|Author||Charles River Editors|
|Publisher||Charles River Editors|
|Publication Date||June 22, 2019|
*Includes a bibliography for further reading
*includes a table of contents
"Well-regulated streets (were) oriented almost invariably along with the cardinal directions, thus forming a grid-iron pattern. (At Kalibangan) even the widths of these streets were in a set ratio, i.e. if the narrowest lane was one unit in width, the other streets were twice, thrice and so on…Such a town-planning was unknown in contemporary West Asia." – B.B. Lal
When one thinks of the world’s first cities, Sumer, Memphis, and Babylon are some of the first to come to mind. If the focus then shifts to India, then Harappa and Mohenjo-Daro will undoubtedly come up, but after that, India’s other ancient cities are often overlooked. This is unfortunate since India’s oldest civilization, known as the Indus Valley Civilization or the Harappan Civilization, was contemporary with ancient Mesopotamia and ancient Egypt and had extensive contacts with the former, which makes it one of the most important early world civilizations. Spread out along the rivers of the Indus River Valley, hundreds of settlements began forming around 3300 BCE, eventually coalescing into a society that had all of the hallmarks of a true civilization, including writing, well-developed cities, a complex social structure and long-distance trade.
Among the many cities that formed in this region was a site known today as Kalibangan, which was unknown to the modern world until archaeologists began uncovering its secrets in excavations during the 1960s. They uncovered a city that was not as large or important as the better-known sites of Mohenjo-Daro and Harappa, but one that was still relatively large and the most important of all Indus cities along the now extinct Saraswati River. Excavations at Kalibangan have revealed that the city had two phases of settlement which corresponded with the two major phases of Indus Valley Civilization, and that it influenced the smaller settlements along the Saraswati River. Archaeological work at Kalibangan has also shown that although it followed some of the patterns of larger Indus cities such as Mohenjo-Daro and Harappa, it was also a unique city in many ways. Kalibangan was located on a different river from the other major Indus Valley Civilization cities, and its river suffered a fate that led to the end of the city. The city of Kalibangan also presented modern archaeologists with a treasure trove of findings because it was one of the best preserved Harappan sites, giving scholars a chance to see not only how the people of Kalibangan lived, but possibly how the city died.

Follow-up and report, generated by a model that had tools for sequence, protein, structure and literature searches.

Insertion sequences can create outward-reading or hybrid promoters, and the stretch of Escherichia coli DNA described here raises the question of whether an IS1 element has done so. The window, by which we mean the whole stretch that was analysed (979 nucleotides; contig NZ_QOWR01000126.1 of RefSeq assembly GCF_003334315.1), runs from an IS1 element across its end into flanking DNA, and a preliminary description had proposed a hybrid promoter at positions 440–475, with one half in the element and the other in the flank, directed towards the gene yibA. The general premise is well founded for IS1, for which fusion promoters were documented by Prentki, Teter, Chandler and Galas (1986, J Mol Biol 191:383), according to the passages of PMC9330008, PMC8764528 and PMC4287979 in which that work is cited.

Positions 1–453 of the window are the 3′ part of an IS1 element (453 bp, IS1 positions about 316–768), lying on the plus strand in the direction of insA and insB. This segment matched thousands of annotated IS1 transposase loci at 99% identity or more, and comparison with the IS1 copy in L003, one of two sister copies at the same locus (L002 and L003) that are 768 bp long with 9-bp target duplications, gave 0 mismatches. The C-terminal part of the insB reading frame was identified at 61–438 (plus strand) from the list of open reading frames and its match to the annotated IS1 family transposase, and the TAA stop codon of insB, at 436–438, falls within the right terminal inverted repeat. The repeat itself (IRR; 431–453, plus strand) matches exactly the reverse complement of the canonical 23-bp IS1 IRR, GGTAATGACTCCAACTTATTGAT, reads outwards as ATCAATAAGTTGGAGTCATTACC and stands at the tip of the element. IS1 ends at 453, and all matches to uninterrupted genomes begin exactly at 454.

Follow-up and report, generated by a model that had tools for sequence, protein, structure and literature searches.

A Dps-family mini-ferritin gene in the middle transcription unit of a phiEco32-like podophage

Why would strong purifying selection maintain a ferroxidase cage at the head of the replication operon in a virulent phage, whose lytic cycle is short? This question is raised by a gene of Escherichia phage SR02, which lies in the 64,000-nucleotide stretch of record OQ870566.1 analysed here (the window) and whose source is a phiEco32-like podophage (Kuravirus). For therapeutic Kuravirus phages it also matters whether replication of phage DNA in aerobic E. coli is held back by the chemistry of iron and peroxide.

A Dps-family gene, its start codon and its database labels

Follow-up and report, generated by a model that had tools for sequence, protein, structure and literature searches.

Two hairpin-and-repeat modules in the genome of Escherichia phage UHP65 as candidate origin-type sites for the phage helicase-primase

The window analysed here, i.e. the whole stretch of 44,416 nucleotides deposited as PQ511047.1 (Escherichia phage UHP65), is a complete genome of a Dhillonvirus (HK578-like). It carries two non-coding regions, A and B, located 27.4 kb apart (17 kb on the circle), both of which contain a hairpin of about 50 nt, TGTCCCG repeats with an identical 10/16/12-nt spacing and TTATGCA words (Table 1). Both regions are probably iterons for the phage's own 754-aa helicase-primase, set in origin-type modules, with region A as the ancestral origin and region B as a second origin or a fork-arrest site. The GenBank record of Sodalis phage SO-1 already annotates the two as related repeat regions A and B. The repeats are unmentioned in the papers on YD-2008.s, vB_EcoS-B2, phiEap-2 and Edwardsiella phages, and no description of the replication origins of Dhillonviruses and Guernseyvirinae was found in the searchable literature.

Once Kalibangan became depopulated after 1500 BCE for reasons that are still uncertain, its memory, or at least the memory of the Saraswati region, lived on in the epic poems of the Aryans known as the Rig Veda. Although the Rig Veda is a religious-mythological text, it can help provide some clues as to the fate of Kalibangan, including whether the Aryans were connected to the city.
Kalibangan: The History of the Indus Valley Civilization’s Provincial Capital in Ancient India examines the region, the civilization that built it, and what life was like there thousands of years ago. Along with pictures and a bibliography, you will learn about Kalibangan like never before.